“Folks, we need to support women sports, not just during the championship run but during the entire year,” President Biden said.

After the Tigers beat Iowa for the NCAA title in April in a game the first lady attended, she caused an uproar by suggesting that the Hawkeyes also come to the White House.

LSU star Angel Reese called the idea “A JOKE” and said she would prefer to visit with former President Barack Obama and his wife, Michelle, instead. The LSU team largely is Black, while Iowa’s top player, Caitlin Clark, is white, as are most of her teammates.

Nothing came of Jill Biden’s idea and the White House only invited the Tigers. Reese ultimately said she would not skip the White House visit. She and co-captain Emily Ward presented team jerseys bearing the number “46” to Biden and the first lady. Hugs were exchanged.

Jill Biden also lavished praise on the team, saying the players showed “what it means to be a champion.”

“In this room, I see the absolute best of the best,” she said, adding that watching them play was “pure magic.”

“Every basket was pure joy and I kept thinking about how far women’s sports have come,” the first lady added, noting that she grew up before Title IX was passed. “We’ve made so much progress and we still have so much more work to do.”

The president added that “the way in which women’s sports has come along is just incredible. It’s really neat to see, since I’ve got four granddaughters.”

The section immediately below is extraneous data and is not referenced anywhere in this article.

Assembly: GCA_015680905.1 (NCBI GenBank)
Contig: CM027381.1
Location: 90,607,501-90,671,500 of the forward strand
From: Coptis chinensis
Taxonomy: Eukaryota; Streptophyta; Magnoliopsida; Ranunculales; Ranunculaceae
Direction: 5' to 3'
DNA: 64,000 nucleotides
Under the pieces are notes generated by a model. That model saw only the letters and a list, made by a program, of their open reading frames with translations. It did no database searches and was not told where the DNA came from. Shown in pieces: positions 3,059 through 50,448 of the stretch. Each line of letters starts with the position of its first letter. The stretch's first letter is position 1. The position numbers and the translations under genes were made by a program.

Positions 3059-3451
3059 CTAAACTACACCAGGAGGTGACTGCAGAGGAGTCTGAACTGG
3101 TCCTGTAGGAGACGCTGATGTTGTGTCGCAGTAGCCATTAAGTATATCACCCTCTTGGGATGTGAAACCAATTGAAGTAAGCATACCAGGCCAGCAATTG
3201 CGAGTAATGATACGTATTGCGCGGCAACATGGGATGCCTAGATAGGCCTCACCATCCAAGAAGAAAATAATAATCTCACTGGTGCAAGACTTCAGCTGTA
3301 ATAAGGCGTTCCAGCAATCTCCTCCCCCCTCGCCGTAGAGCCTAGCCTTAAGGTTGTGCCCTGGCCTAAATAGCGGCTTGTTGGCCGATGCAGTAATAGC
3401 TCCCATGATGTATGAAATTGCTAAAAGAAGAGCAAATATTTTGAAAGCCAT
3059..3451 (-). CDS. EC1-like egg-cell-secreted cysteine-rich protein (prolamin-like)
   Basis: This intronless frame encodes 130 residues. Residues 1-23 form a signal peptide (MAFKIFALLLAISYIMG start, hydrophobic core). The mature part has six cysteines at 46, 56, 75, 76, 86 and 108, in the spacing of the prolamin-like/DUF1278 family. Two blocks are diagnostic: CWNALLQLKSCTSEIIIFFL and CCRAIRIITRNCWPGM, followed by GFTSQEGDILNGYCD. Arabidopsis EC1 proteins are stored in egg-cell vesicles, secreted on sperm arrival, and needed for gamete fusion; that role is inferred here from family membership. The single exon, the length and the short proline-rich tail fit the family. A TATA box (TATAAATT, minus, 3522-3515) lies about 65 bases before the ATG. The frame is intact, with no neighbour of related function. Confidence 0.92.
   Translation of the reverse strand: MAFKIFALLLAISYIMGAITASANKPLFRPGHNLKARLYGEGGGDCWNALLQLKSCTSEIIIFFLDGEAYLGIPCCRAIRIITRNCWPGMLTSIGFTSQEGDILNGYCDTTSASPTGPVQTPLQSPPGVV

After Smith was helped to a wheelchair, Mulkey told the audience the player was OK.

“As you can see, we leave our mark where we go,” Mulkey joked. “Sa’Myah is fine. She’s kind of, right now, embarrassed.”

A few members of Congress and Biden aides past and present with Louisiana roots dropped what they were doing to attend the East Room event, including White House budget director Shalanda Young. Young is in the thick of negotiations with House Republicans to reach a deal by the middle of next week to stave off what would be a globally calamitous U.S. financial default if the U.S. can no longer borrow the money it needs to pay its bills.

The president, who wore a necktie in the shade of LSU’s purple, said Young, who grew up in Baton Rouge, told him, “I’m leaving the talks to be here.” Rep. Garret Graves, one of the House GOP negotiators, also attended.

Biden closed sports Friday by changing to a blue tie and welcoming the UConn’s men’s championship team for its own celebration. The Huskies won their fifth national title by defeating San Diego State, 76-59, in April.

“Congratulations to the whole UConn nation,” he said.

Marquette’s Prosper says he will stay in draft rather than returning to school

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MILWAUKEE — Olivier-Maxence Prosper announced he is keeping his name under NBA draft consideration rather than returning to Marquette.

The 6-foot-8 forward announced his decision.

“Thank you Marquette nation, my coaches, my teammates and support staff for embracing me from day one,” Prosper said in an Instagram post. “My time at Marquette has been incredible. With that being said, I will remain in the 2023 NBA Draft. I’m excited for what comes next. On to the next chapter…”

Prosper had announced last month he was entering the draft. He still could have returned to school and maintained his college eligibility by withdrawing from the draft by May 31. Prosper’s announcement indicates he instead is going ahead with his plans to turn pro.

Prosper averaged 12.5 points and 4.7 rebounds last season while helping Marquette go 29-7 and win the Big East’s regular-season and tournament titles. Marquette’s season ended with a 69-60 loss to Michigan State in the NCAA Tournament’s round of 32.

He played two seasons at Marquette after transferring from Clemson, where he spent one season.

Kansas’ Kevin McCullar Jr. returning for last season of eligibility